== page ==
Mourning Doves are the most commonly hunted game bird in New Mexico based on hunter harvest data collected by New Mexico Department of Game and Fish. Research is limited on the influence of rangeland ecological condition on Mourning Dove (Zenaida macroura) populations in the Chihuahuan Desert of New Mexico. Mourning Dove numbers were evaluated periodically (1988–1989) on ranges in late- and mid-seral conditions in south central New Mexico based on the Dyksterhuis quantitative climax procedure. Strip transect procedures were used to estimate Mourning Dove populations. Concurrently, vegetation canopy cover was determined by line intercept. On the basis of percent cover, grasses were the most abundant group on late-seral range while shrubs dominated mid-seral range. Mourning Dove sightings did not differ (P > 0.05) between late- and mid-seral ranges, nor did they differ (P > 0.05) among grassland, shrubland, and shrub-grass mosaic communities. Mourning Dove populations showed seasonal differences (P < 0.05), with numbers highest in summer and fall and lowest in winter and spring. Data from our study indicate that Chihuahuan Desert ranges in either mid- or late-seral stages provide equally suitable habitat for Mourning Doves.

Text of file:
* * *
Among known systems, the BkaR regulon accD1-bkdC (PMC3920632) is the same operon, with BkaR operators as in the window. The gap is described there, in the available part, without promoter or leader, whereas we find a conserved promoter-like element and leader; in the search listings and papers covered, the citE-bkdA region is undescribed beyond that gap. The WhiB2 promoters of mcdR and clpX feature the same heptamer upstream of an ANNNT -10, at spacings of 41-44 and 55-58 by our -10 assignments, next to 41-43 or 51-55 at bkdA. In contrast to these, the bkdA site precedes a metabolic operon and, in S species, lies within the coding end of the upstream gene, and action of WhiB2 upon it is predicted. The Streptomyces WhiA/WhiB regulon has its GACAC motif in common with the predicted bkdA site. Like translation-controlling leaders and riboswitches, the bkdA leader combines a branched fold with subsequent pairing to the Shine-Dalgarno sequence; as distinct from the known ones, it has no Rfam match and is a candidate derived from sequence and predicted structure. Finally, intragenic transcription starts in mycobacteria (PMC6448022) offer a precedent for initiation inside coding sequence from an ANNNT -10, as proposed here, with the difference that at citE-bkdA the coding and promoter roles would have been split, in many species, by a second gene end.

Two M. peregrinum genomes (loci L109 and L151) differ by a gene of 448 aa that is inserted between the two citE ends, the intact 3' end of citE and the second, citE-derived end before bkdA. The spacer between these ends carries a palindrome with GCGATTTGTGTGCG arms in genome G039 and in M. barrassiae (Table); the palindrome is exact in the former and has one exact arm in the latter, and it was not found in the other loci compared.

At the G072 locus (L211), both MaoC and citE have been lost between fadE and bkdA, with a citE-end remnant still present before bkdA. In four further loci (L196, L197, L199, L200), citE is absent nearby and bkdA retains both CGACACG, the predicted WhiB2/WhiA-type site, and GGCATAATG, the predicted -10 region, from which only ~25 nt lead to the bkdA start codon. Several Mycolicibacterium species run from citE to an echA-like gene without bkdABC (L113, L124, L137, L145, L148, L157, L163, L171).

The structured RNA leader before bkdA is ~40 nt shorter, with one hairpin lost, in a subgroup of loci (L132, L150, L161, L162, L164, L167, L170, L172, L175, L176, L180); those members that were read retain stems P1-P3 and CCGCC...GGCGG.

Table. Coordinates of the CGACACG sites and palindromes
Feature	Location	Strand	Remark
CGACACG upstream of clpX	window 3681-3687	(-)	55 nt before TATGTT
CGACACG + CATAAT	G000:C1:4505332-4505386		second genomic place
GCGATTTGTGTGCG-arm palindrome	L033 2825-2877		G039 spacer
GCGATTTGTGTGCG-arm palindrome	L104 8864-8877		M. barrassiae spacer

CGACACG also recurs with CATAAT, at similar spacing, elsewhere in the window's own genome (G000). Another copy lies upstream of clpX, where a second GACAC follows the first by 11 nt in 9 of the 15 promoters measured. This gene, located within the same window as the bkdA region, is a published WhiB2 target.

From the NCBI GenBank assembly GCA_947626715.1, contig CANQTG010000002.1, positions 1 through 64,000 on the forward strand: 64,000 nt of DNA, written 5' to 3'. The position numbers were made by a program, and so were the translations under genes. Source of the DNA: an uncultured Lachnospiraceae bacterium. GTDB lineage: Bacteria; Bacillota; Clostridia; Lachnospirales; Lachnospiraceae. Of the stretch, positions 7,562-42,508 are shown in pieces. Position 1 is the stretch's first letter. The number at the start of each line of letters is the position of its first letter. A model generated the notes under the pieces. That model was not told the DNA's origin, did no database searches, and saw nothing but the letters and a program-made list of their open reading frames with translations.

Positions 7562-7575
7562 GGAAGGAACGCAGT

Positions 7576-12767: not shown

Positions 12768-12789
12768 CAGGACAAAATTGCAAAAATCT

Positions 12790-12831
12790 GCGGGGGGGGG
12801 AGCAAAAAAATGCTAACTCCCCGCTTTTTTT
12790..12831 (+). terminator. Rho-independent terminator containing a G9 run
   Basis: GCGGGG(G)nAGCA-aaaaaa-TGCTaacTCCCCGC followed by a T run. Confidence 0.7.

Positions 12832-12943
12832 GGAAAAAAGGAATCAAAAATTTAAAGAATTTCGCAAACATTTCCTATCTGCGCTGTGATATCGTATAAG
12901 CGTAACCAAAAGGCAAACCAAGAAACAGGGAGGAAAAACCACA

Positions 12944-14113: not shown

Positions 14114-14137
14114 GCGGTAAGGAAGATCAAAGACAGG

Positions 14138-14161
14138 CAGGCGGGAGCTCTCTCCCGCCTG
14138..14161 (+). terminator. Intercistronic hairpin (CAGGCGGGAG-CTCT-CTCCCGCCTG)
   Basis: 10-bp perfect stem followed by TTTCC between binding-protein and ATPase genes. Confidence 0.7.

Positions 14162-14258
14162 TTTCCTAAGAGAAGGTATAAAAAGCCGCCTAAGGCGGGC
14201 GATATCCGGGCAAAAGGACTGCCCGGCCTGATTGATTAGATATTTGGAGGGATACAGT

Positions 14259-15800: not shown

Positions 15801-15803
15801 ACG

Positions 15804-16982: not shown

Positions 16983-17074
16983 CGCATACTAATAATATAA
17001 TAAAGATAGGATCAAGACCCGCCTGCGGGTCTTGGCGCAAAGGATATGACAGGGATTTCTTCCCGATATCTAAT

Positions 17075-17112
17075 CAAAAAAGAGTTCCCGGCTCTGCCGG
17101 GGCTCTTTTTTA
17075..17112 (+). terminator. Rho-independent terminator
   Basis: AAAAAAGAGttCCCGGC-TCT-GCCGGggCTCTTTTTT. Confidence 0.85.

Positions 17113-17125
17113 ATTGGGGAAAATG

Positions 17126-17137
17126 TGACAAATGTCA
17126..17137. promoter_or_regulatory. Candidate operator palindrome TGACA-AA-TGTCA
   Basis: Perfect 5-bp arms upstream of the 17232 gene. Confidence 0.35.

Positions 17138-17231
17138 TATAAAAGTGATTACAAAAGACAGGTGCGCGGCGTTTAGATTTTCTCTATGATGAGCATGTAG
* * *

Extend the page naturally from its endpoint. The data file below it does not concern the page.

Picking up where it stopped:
Saiwana, Lewis; Holechek, Jerry L.; Valdez, Raul; and Cardenas, Manuel
"Mourning Dove numbers on different seral communities in the Chihuahuan Desert,"
Western North American Naturalist: Vol. 61:
1, Article 7.
Available at: https://scholarsarchive.byu.edu/wnan/vol61/iss1/7